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Cardiac Disease in Pregnancy: What Do We Not Know?

Op-Med is a collection of original articles contributed by Doximity members.

The 38th Annual Meeting in Dallas started with several post-graduate courses. One of the popular among attendees was The Pregnant Cardiac Patient- At Risk of Indirect Maternal Death: How to Manage Before, During, and After Pregnancy. This course was unique to SMFM because speakers were a combination of MFM subspecialists, Cardiologists, and Anesthesiologists constituting a perfect blend of the multidisciplinary care that these high risk pregnant mothers require!

Cardiovascular disease complicates 1–4% if all pregnancies and is the leading cause of indirect maternal death. A significant number of these unfortunate cases are preventable provided both physicians/health care providers and patients are well informed. Health care providers must keep cardiac disease in the differential diagnosis when a pregnant or postpartum woman presents with cardiac symptoms which may easily be dismissed as being normal for the pregnant or postpartum period. Likewise, the patients must be educated to watch out for symptoms with worrisome features that may represent cardiac condition. These quality improvement opportunities are likely to improve care in these high risk pregnancies.

Excellent lectures and robust case discussions included an exchange of thought processes and understanding of pathophysiology. Feedback from this course has been exceptional and the attendance exceeded expectation.

The meeting brings a great motivation for both changes in practice and future research in the field of MFM. Attendees of this post-graduate will hopefully understand the key message to manage the Cardiac Pregnant patient in partnership with their multidisciplinary team.

Highlights

The Plenary Sessions were outstanding including presentations of restrospective and Randomized Control Trials (RCT). Studies were not exclusive to the USA, there were studies from several countries including France, Italy, the Netherlands, and Korea. The study designs were varied from animal models to clinical trials. Both study methods and presentations were exceptional.

Among the many impressive presentations at the Plenary sessions, a few are reported here. The oral presentations on Thursday Feb 1, 2018 opened with the TRAPP trial by Dr. Loic Sentilhes of Bordeaux University Hospital, France. This multicenter double-blinded RCT examined the impact of 1g of tranexamic acid (TXA) after vaginal delivery on the incidence of postpartum hemorrhage (PPH). The authors concluded that TXA was associated with a lower risk of PPH than placebo without higher risk of severe adverse events. Dr. Borders of North Shore University, Evanston, IL. presented a QI study on severe maternal hypertension that aimed to reduce maternal morbidity associated with hypertension in 110 hospitals statewide. The aim was to assess the improvement of key process measures associated with hypertension identification and treatment in the first full year of the initiative. Authors concluded that a statewide QI effort, including collaborative learning, rapid response data and QI support, can reduce time to treatment of severe hypertension with antihypertensives, increase provide- nurse debriefs and patient education and follow up appointments at discharge across IL.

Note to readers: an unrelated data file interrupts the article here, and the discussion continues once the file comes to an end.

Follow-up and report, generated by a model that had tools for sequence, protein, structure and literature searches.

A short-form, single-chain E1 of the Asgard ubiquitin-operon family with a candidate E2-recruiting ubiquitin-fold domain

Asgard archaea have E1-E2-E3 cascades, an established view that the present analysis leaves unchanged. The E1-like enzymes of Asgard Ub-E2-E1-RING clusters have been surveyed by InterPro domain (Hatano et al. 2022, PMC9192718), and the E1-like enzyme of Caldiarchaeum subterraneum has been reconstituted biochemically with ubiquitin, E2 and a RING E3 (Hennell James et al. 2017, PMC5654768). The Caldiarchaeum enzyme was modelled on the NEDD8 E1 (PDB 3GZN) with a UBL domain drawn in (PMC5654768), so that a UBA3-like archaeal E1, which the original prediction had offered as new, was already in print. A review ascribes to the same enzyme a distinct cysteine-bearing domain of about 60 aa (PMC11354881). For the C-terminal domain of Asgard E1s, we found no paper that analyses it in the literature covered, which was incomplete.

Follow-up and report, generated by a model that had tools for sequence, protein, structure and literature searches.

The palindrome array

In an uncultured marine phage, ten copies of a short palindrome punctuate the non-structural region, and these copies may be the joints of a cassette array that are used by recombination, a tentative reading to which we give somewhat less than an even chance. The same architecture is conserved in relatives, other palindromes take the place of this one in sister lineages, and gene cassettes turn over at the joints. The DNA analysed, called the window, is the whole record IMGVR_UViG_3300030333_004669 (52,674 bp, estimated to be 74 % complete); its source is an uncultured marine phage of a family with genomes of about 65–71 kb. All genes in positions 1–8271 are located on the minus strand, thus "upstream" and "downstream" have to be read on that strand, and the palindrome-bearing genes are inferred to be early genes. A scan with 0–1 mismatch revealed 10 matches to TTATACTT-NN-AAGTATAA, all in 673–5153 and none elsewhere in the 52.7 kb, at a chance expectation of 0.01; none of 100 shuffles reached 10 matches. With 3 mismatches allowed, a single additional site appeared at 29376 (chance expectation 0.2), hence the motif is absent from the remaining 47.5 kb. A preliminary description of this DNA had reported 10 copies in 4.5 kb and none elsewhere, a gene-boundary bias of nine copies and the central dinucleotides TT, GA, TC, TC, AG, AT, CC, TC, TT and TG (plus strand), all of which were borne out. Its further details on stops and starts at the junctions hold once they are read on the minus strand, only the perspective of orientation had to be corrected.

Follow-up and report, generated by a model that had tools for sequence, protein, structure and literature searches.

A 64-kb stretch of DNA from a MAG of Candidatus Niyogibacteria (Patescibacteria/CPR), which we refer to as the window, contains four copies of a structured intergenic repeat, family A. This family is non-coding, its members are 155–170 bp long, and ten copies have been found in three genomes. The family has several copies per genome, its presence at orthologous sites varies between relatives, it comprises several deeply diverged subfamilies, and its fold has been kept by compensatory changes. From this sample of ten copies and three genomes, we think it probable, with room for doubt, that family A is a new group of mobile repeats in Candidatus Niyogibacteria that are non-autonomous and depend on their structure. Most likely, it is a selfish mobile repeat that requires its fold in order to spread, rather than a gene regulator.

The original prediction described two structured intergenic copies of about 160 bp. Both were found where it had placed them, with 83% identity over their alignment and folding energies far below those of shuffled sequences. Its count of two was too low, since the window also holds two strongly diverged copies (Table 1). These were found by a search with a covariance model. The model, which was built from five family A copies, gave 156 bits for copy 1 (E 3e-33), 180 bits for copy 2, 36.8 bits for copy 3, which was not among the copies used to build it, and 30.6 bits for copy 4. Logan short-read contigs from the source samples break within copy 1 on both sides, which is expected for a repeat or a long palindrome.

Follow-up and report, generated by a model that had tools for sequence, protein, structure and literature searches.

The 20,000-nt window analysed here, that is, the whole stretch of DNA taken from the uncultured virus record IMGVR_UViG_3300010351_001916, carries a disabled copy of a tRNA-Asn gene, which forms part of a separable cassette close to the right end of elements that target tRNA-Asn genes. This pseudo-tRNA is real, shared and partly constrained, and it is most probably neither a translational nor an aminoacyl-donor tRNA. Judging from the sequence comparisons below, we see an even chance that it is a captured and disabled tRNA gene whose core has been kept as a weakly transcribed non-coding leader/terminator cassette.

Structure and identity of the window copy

One of the impressive basic science studies was reported by Dr. Ornaghi of University of Milan, in collaboration with Yale university. She presented an innovative basic science study on treatment of CMV infection with Valnoctamide (VCD). VCD effectively blocks CMV infection in the developing auditory system and rescues virally induced hearing impairment. Dr. Sonnaville of OLVG, Amsterdam, Netherlands presented the impact of the HYPITAT I trial on obstetric management and outcome for gestational hypertension and preeclampsia in the Netherlands. This resulted in evidence that HYPITAT I lead to an increased induction of labor rate in women with a hypertensive pregnancy at term. This was associated with significant reduction in maternal morbidy and mortality and perinatal mortality. Dr. Grossman, second year MFM Fellow at Cornell University presented her work on fetuses with abnormal NT and normal NIPT. The aim was to determine the proportion of genetic abnormalities that could be identified by NIPT in pregnancies with abnormal NT. The authors concluded that while NIPT may be reassuring in those with mildly abnormal NT, a significant proportion of abnormalities in those with NT >/= 3.5 mm would not be detected. Invasive testing should be strongly recommended when NT is abnormal especially when NT is >/=3.5 mm and in women under age 35. The next step in VCD for pregnant women infected with CMV will be a Phase I clinical trial that could potentially change the course of fetuses exposed to CMV. It could be useful to repeat the HYPITAT I study in the USA where we have a diverse population that is at even higher risk of morbidity and mortality due to hypertensive disease of pregnancy. The implementation of HYPITAT I could be even greater in the USA; however, a multi-center study on a large scale would be needed to illustrate its impact. Finally, Dr. Grossman’s retrospective study on the significance of the NT is important for counseling of the patient with this finding and decision making for diagnostic testing versus further screening with the NIPT.

Diana S Wolfe, MD, MPH

Afshan Hameed, MD

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